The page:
Christopher Moore’s most recent novel is about blue. Vincent van Gogh went mad before shooting himself in a cornfield, or did he? In the time before he died, he was raving about a twisted little colorman, and had become terribly afraid of a certain shade of blue. But he was at the height of his painting career, so why would he walk into a cornfield to shoot himself, and then stumble over a mile away to a doctor’s house? His friends are on a mission to figure it out. Lucien Lessard, a baker who desperately wants to be a successful painter, and his friend and fellow painter Henri Toulouse-Lautrec, try to discover the mystery surrounding the tale of the twisted little Colorman and that beautiful, rare blue.
First let me say that Sacre Bleu is a beautiful book. The hardcover is gorgeous, with nice thick pages and a dark blue font. There are a ton of full-color pictures of famous paintings scattered throughout. Also, there is an online chapter guide that features even more paintings, as well as notes from Christopher Moore about different paintings, inspirations, etc. I really hope that the online chapter guide comes out as a companion book, because I would absolutely buy it.
The story itself of Sacre Bleu is so different from what I’m used to seeing from Christopher Moore. There was a bit of mystery too it, but it was a lot about the art too. I learned more about art / paintings / Impressionists than I really ever thought that I would. I was definitely intrigued by the little Colorman and his weird blue sidekick. I liked Lucien, but my favorite character was Henri – he was weird and ridiculous, but also had a sweet side to him. (Plus, he is mentioned in Outlander when Claire meets a man with Toulouse-Lautrec syndrome, though she can’t call it that because Henri Toulouse-Lautrec hadn’t been born yet.) There was kind of a big cast, but Henri really stole the show.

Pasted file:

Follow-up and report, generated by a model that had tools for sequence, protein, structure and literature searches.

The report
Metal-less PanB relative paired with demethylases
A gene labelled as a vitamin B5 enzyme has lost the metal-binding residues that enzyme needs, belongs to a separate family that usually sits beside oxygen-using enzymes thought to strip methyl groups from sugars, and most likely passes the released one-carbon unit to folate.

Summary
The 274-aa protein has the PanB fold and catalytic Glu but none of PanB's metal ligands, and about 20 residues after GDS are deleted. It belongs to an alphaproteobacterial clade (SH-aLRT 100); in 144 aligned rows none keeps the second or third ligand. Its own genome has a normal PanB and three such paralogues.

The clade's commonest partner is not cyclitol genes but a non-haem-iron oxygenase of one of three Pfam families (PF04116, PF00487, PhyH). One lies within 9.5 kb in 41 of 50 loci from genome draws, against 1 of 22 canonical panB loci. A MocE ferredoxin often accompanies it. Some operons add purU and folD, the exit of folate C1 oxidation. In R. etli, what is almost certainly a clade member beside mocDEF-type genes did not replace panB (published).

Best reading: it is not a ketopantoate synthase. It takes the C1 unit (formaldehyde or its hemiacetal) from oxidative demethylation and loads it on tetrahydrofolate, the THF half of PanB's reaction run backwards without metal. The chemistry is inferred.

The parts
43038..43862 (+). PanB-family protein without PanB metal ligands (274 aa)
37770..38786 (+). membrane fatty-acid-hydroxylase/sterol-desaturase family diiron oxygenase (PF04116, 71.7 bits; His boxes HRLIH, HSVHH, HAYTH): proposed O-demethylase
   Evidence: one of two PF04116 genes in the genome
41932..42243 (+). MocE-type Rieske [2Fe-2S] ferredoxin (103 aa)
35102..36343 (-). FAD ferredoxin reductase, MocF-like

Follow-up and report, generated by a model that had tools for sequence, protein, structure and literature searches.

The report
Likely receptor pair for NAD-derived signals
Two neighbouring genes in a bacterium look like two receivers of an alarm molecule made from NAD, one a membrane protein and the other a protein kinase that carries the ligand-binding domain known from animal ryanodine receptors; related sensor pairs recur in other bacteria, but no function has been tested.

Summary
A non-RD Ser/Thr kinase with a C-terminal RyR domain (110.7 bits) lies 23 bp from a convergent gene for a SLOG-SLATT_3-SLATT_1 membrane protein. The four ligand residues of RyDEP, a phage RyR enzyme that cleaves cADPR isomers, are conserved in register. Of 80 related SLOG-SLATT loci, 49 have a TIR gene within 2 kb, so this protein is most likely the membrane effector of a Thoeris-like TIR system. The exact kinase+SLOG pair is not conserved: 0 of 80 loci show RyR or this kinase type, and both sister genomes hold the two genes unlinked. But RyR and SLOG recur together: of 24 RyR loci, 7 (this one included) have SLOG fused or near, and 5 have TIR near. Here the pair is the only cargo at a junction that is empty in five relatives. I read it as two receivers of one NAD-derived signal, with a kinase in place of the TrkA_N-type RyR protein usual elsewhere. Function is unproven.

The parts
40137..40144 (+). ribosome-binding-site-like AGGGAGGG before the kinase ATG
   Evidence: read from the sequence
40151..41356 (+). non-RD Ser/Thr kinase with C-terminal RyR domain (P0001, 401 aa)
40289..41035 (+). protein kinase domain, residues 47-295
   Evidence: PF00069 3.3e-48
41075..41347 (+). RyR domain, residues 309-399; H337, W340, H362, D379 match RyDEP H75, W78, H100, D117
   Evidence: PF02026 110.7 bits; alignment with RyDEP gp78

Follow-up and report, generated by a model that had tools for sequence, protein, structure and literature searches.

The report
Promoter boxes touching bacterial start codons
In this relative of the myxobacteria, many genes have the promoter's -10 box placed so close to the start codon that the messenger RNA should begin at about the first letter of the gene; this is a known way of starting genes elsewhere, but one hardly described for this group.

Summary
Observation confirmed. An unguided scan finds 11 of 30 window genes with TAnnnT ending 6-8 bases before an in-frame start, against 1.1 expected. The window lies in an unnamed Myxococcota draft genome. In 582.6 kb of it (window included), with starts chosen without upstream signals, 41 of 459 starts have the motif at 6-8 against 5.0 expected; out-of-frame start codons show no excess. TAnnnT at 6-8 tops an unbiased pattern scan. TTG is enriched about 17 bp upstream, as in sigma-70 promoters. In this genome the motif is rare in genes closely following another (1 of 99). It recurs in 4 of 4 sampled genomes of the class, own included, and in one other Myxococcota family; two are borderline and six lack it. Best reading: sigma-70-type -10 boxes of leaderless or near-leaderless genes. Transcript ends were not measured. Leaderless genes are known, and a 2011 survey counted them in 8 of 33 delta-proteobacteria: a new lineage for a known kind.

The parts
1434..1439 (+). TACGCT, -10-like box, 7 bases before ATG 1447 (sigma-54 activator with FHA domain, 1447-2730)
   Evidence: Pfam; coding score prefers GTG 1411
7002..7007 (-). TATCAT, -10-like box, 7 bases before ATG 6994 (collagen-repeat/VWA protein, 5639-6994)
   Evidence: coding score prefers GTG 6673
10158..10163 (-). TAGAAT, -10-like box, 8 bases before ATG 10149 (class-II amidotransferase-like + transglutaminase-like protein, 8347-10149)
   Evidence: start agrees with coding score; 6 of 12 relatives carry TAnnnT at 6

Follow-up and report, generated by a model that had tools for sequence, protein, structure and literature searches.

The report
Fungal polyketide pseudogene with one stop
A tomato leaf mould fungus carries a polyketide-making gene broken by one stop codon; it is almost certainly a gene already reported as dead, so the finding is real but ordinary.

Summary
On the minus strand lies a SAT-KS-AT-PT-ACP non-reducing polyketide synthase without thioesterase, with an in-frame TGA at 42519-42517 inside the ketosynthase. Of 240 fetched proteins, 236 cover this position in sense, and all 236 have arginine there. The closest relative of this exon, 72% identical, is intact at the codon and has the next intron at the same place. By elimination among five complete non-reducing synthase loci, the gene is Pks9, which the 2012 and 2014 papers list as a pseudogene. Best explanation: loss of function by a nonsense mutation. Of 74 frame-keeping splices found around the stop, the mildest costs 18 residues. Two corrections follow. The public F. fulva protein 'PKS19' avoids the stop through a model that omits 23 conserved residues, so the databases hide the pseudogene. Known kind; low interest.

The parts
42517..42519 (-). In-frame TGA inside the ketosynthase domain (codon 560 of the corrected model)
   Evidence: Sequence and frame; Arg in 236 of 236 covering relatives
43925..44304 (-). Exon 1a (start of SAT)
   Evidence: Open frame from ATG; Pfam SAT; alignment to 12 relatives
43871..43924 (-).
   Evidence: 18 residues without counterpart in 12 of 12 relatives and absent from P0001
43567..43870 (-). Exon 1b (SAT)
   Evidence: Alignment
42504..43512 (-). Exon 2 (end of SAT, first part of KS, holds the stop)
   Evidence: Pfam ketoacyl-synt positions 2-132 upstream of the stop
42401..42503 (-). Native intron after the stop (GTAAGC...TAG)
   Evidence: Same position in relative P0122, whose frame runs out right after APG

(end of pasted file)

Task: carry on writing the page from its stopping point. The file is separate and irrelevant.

So, I can’t go too much into the details of the book because I don’t want to be spoiler-y. I can say that this isn’t my favorite Christopher Moore novel. It seemed more… serious. Don’t get me wrong, there’s plenty of bawdy humor in it, but for the most part that’s what it was – bawdy sexual humor with a little bit of genuinely weird humor sprinkled in. None of it ever actually made me laugh out loud, which is rare for a Moore novel. However, part of this is just because of the subject matter – a lot of the characters and events are based on real people and things that really happened, so it doesn’t have that element of total Moore wackyness that I’m so used to.
Even though Sacre Bleu wasn’t my favorite and wasn’t the usual hilarious read that I like, I feel like this will stick with me in a way that some of his other novels haven’t. For example, I remember reading Fluke and really liking it, but I don’t remember a lot of the details. I feel like I savored this book so much more as I read, due to the topic and because of all of the pictures and the online guide. It really came to life for me, which makes it a worthy read.
Sarah Says: 3.5 stars… (4 stars if the chapter guide comes out in book form, or as an addition to the paperback copy)